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Once the nectar of the wealthy and the symbol of luxury, the essence of finesse and grace is now thankfully accessible to all of us. We drink bubbly wine to celebrate the biggest events in our lives, to ring in the New Year and to make an already wonderful event even better. But understanding Champagne vs. other sparkling wines is still misunderstood. Why would you pay a starting price of, say $50 for Champagne, when you can buy a bottle of Prosecco for $8?


The devil is in the details: the soil, the climate, the tradition and the master blender. There are traditionally three ways to get sparkles in the bottle, and Champagne is the most rigorous but also makes the most complex wine.


The Region


Champagne contains grapes from the northernmost vineyard area in France and is among the most northerly in all of Europe, lying just northeast of Paris. Before sparkling made its introduction into the Champagne region, winemakers there were making still wines from Chardonnay and Pinot Noir grapes and were trying to compete with the region of Burgundy. However because of the northerly location, it is very difficult to get the grapes ripe enough to make a wine better than drinkable. The winters are cold and the summers are warm, with an average growing-season temperature of 60 degrees. It makes it a challenge to get grapes to fully ripen, but it’s ideal for sparkling wine.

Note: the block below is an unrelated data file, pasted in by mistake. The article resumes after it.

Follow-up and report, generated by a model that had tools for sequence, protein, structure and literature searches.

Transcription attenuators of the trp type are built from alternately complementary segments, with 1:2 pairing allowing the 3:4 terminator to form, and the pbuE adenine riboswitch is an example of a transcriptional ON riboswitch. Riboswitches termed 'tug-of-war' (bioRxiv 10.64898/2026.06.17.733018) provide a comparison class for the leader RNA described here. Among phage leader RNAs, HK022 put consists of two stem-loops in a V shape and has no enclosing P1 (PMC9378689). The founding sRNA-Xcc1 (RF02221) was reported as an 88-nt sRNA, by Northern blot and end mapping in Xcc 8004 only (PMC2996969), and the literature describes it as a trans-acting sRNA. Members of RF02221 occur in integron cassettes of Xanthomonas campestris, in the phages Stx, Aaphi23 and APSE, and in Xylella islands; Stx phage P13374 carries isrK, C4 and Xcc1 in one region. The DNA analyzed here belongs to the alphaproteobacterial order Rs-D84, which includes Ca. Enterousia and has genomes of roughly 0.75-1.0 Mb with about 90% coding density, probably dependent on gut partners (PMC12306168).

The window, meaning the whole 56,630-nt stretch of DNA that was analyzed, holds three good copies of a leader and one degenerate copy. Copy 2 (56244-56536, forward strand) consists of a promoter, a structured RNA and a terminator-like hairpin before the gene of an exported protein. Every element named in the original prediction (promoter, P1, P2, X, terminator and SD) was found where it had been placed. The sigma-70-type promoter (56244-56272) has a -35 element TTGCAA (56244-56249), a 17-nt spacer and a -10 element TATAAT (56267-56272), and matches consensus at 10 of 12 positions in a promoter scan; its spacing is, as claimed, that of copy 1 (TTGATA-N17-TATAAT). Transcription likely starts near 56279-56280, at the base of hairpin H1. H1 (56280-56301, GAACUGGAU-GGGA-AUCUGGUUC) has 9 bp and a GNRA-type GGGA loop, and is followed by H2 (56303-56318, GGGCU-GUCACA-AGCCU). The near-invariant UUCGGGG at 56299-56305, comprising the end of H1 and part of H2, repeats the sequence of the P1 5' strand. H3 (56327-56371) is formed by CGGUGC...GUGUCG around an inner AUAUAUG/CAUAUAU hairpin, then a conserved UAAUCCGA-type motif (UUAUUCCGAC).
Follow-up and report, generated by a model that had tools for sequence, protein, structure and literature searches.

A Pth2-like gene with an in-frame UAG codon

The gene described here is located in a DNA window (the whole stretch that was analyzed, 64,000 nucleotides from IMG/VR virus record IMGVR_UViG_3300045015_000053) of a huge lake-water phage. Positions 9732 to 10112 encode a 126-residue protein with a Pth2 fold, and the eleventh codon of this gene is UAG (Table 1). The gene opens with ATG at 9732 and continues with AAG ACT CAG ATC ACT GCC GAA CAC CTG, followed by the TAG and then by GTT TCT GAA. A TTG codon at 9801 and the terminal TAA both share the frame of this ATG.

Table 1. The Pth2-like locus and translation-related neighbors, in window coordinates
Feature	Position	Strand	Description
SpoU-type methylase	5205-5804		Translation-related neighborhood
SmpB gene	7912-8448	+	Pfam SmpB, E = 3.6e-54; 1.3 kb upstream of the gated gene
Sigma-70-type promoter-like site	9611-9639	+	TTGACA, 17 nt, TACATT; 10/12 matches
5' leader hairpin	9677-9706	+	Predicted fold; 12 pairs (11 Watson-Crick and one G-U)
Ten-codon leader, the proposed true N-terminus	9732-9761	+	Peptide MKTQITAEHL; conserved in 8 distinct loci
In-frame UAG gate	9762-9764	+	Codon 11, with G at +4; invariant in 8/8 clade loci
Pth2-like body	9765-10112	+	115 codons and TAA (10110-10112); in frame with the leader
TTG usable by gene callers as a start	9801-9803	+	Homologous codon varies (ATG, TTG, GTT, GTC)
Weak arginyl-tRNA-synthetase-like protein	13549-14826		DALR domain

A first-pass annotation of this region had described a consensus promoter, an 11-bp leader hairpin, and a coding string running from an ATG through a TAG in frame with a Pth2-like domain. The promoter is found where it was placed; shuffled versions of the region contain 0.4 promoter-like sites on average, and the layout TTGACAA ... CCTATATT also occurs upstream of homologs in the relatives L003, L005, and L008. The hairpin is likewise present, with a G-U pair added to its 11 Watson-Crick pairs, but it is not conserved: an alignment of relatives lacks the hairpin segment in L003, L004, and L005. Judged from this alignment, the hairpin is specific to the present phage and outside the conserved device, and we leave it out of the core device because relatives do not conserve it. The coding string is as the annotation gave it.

One of the most important ingredients to make great wine is the soil. Thanks to a prehistoric sea that covered northern France and Britain the result is a subsoil that consists of mainly chalk and even in some parts kimmeridgean marl (an ancient limestone clay which is heavy with nutrients from the fossils of sea life, quartz and zircon). The chalk retains water, which is necessary in a region that doesn’t get much rain, and the kimmeridgean retains the rich nutrients. The different soils and terroirs play a role in quality that is rated by the government. The top villages with a 100-percent rating are known as Grand Crus; 43 villages are Premier Crus with a rating of 90-99 percent. Unlike Burgundy, where individual vineyards can be rated, in France, it’s the entire village that’s considered.


The History of the Bubbles


In the seventeenth century the Champenois were making still wines from Chardonnay and Pinot Noir, attempting to compete with Burgundy. But with the challenge of the climate came issues in the cellars. The wines were made in the fall and then left to settle in the cellars over winter. The cold temperatures would paralyze the yeasts, thus stopping fermentation before all the sugars were gone. Once spring came, the wines and yeasts would warm up and start to re-ferment causing a sparkle in the wine and as much as 20 to 30 percent of the bottles to explode from the buildup of the CO2. The Champenois were continually frustrated with this phenomenon and winemakers such as Dom Perignon and Dom Ruinart worked diligently attempting to halt the fizz, but eventually came to look at their wine in a different way instead. Many believe Dom Perignon did not invent Champagne, but his contributions to Champagne history should not be underestimated. He was the first to develop the concept of blending wines from various grapes from different villages to achieve a better-balanced wine. He used a shallow press to produce clear juice from black grapes (Pinot Noir and Pinot Meunier), he reintroduced the cork closures (lost to most of France after the Roman withdrawal), and he also introduced fellow winemakers to a type of English glass that could withstand the second fermentation in the bottle without exploding.


Read Maggie's next article on the process of making Champagne. 


 


 


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